In terms of our experiments, we have been gathering a lot of data, but it has been... inconclusive. Our monolayer thicknesses are low, but close to what is expected. Our FTIR analysis shows the peaks we are looking for, but not with the magnitudes we expect.

So what do we do?

Solving problems like this is where an engineer earns her or his salary.

We have decided to take a dual pronged approach. We are going to move forward with some of the chips that we have made and add the final layer. We can then test with the ellipsometer and FTIR to get an idea of how the bonding went. It MAY be that we have sufficient covering of the chip (despite our mediocre results). While doing this, we will also be testing different thiol solution concentrations. The thought being that if we soak the chips in a high molarity solution, we might get better bonding on the gold surface (and thus a better gold monolayer). We should have some preliminary results as soon as tomorrow and from there, we will analyze the data and make decisions about future experiments.

Thursday, July 14, 2011

The Reality of Research

As you get farther away from life experiences, certain specifics tend to fade. The big lessons remain, but some of the details drop from the forefront. It has been 3 years since I have worked in a research lab and the idea of how to do research is still fresh (hammered home by an excellent lecture by Dr. Selim Unlu this week), but the ease with which projects can be delayed slipped from my memory. I often tell my students that science requires patience and my partner and I have had to exercise our own this week.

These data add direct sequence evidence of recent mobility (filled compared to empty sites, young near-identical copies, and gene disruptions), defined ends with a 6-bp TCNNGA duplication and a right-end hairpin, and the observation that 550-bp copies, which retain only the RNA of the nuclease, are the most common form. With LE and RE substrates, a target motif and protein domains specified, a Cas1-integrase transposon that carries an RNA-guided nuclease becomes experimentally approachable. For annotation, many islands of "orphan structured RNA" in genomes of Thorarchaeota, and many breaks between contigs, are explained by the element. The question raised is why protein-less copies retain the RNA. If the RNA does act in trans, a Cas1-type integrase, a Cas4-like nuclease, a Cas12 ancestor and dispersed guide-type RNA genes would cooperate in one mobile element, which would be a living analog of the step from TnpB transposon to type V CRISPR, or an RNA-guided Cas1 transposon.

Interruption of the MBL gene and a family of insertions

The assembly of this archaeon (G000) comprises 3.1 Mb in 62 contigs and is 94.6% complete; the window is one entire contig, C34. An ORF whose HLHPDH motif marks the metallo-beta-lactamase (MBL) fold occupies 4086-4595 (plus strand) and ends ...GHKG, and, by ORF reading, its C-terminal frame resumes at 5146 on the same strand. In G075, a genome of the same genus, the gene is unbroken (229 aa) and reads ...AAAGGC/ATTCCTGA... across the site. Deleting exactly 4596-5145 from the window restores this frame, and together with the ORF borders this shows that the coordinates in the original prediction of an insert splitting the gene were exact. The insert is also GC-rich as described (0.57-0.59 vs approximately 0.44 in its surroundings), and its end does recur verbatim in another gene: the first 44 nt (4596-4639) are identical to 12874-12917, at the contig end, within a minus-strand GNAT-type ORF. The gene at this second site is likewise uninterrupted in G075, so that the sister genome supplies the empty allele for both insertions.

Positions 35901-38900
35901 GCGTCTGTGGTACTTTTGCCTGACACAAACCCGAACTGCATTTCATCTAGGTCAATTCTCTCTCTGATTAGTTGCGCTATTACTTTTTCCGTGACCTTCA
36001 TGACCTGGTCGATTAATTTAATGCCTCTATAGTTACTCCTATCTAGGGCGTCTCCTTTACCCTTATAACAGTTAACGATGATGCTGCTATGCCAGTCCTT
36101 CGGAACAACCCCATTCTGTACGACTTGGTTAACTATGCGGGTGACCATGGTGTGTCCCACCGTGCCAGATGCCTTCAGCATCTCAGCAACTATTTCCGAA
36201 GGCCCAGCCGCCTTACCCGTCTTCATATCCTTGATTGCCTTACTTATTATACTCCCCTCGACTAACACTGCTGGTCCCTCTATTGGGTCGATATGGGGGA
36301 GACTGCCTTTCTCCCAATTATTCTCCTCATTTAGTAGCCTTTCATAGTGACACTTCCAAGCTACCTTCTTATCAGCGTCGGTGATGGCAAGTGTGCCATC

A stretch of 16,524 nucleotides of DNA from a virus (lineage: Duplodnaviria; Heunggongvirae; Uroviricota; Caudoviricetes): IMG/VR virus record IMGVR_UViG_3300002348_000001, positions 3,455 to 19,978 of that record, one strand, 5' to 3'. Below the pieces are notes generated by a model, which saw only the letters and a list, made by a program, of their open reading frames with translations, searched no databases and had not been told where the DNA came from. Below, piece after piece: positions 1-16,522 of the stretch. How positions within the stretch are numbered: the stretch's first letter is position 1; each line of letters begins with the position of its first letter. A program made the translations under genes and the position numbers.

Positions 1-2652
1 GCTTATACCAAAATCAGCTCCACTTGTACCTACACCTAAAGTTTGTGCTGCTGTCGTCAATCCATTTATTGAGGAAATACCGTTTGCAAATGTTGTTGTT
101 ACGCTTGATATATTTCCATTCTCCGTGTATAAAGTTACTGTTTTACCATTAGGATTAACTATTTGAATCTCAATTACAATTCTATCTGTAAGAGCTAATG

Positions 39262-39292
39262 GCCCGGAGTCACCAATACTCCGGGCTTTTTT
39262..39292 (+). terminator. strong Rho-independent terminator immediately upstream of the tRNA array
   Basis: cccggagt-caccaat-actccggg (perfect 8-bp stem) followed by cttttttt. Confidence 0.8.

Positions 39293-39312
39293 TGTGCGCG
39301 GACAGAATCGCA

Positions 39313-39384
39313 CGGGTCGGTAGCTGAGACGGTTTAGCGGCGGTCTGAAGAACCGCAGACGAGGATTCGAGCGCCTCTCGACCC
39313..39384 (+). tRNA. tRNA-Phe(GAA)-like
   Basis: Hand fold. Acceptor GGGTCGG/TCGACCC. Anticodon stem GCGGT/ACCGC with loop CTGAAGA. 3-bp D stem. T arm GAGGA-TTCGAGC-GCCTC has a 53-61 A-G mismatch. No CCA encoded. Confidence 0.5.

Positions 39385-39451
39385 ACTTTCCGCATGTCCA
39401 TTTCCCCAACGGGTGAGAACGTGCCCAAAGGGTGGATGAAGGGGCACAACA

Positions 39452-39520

In our quest to create a multi-layered chip that can be used to detect viruses and proteins, we have hit a series of minor roadblocks. Our first thiol monolayer experiment appeared to go smoothly. Theoretically, it should look something like this (the red represents the sulfur group):

(image from http://www.personal.psu.edu/acs5112/ART101/art101ass5.html)

But the question is, how can we determine if this actually happened? The molecules are so small that we have no method to actually see them aligned as they are above, so we need to measure them indirectly. The first way we do this is using an ellipsometer. This apparatus measures the change in polarization of light after it is reflected off of a surface. This change, when coupled with a refractive index, can give you the thickness of the deposited layer. Our results came out to be a reasonable 1 nm (to give some perspective on the size, 1 nm is to the thickness of a human hair as 1 football field is to the distance between New York and Los Angeles). So we were confident that we could add layers 2 and 3. I will delve into more depth about these layers in future entries, but they will end up being used to bond the antibody of interest to our surface. The application process went smoothly, but when we went to check the new thickness of the ellipsometer, we ran into speedbump #1. The ellipsometer was down and the one person who could help us was out of the office. I had forgotten how frequently this happens in research, but instead of getting frustrated, we used the time to do more background reading on the topic. The delay allowed me to become more knowledgeable about my topic. With our short timeline, we feel rushed to move forward, but we forget that it is better to gather all information at each step in the process.